Your opponent is going to put you on a hand based on your behavior at the table. In real life, they'll size up your physical state. Online they'll scrutinize your betting patterns and check their notes on you.

Poker is tough enough without having to pay extra attention to your mannerisms from how you pick up your chips to how you bet when you are bluffing, have a monster, or on a draw. Even Gus Hansen has problems like that. No matter how much composure he tried to muster up, the Great Dane couldn't can't keep his hands still when he nailed quads at the featured table at the EPT Barcelona last year. I noticed that his hands shook like a Parkinson's patient on a bumpy bus ride. His opponents saw it too and both quickly mucked.

He had quad Queens and showed it. But what if Gus pulled off a superb bluff? What if he had Jack-Shit and nearly spilled his chip stack on purpose and feigned a shaking hand as he bet out at the pot? Now, that would have been something.

Bluffing is an integral part of poker, especially NL Hold'em. The best bluffers in the world are so good that you didn't even notice you got bluffed until you saw it happen on TV. There was not a doubt in your mind you were beat so you folded. How many times did that happen?

That's why there's the adage... Never bluff a calling station. They don't have the discipline to fold a crappy hand let alone a mediocre one.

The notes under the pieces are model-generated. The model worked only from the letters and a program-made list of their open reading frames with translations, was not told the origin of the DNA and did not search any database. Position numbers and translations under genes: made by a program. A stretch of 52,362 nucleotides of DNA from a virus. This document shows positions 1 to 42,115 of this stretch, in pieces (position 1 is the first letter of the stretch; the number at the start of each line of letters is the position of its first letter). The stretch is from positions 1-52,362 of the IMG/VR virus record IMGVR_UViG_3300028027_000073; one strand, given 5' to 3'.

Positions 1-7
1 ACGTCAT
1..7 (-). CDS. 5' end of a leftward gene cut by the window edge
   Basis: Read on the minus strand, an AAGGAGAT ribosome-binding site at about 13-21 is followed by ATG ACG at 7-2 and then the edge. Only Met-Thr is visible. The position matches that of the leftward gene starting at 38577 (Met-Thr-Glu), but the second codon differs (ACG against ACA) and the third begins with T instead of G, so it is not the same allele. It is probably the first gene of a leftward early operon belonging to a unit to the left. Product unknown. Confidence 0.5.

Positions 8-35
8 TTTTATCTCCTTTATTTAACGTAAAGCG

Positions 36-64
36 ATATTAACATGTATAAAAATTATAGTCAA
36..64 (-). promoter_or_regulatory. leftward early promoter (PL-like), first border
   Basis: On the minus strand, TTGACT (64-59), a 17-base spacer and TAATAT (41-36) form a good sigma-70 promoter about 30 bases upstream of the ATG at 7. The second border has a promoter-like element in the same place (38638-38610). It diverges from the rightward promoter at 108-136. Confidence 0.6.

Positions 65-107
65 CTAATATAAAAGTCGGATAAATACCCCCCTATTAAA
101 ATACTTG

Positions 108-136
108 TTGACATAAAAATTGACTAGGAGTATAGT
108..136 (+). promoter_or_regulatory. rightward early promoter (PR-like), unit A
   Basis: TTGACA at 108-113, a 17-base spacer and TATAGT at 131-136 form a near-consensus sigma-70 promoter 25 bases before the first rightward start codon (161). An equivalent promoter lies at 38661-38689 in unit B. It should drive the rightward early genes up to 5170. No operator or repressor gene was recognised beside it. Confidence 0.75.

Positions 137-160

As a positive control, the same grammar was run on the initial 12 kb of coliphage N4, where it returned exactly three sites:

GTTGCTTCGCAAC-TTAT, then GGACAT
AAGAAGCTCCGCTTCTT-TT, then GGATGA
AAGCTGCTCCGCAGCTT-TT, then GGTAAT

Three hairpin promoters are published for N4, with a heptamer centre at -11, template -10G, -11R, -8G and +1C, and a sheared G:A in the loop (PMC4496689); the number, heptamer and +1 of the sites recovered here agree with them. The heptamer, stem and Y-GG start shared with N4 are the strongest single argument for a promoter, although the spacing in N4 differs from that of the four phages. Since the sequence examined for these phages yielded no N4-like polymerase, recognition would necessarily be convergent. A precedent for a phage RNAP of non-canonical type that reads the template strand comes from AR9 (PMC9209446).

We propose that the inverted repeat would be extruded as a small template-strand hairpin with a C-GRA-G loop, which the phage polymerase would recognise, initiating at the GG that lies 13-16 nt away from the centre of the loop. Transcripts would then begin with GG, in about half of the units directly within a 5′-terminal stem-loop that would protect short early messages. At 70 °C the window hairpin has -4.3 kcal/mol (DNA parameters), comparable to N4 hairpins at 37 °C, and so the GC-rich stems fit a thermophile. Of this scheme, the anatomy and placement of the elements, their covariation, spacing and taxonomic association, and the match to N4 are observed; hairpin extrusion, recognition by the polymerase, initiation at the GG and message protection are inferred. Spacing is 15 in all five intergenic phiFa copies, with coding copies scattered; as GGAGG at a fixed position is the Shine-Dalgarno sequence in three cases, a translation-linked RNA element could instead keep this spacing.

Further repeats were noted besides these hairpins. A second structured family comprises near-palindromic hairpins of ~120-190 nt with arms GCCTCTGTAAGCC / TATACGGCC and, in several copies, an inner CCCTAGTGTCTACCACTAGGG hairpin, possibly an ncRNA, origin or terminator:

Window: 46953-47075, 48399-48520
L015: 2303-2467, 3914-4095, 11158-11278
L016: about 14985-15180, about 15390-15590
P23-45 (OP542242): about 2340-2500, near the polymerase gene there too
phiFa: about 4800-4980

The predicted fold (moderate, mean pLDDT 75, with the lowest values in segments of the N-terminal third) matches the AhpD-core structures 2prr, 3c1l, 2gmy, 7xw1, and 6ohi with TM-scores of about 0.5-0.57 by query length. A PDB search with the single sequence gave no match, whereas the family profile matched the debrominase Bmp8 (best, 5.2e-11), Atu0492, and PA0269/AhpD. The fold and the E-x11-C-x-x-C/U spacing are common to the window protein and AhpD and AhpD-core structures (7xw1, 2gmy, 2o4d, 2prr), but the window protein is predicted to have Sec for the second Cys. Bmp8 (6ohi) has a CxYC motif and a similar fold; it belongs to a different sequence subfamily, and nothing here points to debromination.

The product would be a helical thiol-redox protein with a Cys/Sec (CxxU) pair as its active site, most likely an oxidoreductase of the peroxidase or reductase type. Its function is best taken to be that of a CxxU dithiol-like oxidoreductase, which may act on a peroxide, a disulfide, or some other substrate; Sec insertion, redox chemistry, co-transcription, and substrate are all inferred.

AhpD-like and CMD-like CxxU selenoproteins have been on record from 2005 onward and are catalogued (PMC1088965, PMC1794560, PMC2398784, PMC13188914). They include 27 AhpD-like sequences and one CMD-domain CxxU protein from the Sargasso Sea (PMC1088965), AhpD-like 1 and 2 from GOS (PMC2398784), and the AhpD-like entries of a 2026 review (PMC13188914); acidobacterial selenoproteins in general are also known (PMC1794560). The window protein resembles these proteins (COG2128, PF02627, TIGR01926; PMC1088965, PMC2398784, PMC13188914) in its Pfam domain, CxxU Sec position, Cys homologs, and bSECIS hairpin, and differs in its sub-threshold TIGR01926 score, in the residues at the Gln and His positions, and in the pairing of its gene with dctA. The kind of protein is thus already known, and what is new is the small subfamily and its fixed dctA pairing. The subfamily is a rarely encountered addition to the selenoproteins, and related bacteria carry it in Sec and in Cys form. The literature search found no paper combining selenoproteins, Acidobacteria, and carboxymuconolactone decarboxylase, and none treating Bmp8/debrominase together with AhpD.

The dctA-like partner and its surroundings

That's why the biggest bluff in a cash game that I ever pulled off... was against a local rock at Green Valley Station last year. I had K-Jo and he had K-Q. I re-raised him preflop. I raised him on the flop when a King fell, and when he checked to me on the turn, I moved all-in. I had been playing tight and he put me on A-K. He agonized over his decision for a few minutes and even showed his cards to the players sitting nearby. Usually if someone does that they're gonna muck. I sat still trying to act meek, like I had a monster better than A-K.

"A set. I have a set," I thought several times just to put that vibe out there.

In reality, I had top pair with a not-so-strong kicker and had no redraws. I was way behind and had only three outs to save me. The only way I was going to win that pot, as I heard Mike Sexton's voice narrating the hand in my head, "Was to bluff at it."

That guy was convinced I had him beat and he folded the best hand. He mucked K-Q face up. The dealer pushed the hefty pot my way as I flipped over K-J. My opponent slapped his hand on the table and muttered, "Nice hand."

I know he didn't mean that as he stood up and paced back and forth at his end of the table. One of the other locals sitting next to me said, "Best play I've seen all week. Great bluff, kid."

I made the mistake at showing my hand but it ended up tilting the guy with K-Q so exposing my bluff had some merit. However, I jeopardized any future moves I'd try to make if any of those guys remembered playing with me the next time I showed up at Green Valley... and a laydown like that guy made tends to eat at your insides for a while, so I know that guy remembered that hand.

A great bluffer is part magician, part actor, part used car salesman, part preacher, part quack, part serial killer, and part philosopher. Like the original sophists, there's a small inkling of truth to any false argument. Next time you're ready to bluff off half your stack in a tournament, take a moment to ask, "Is my opponent going to believe me here?"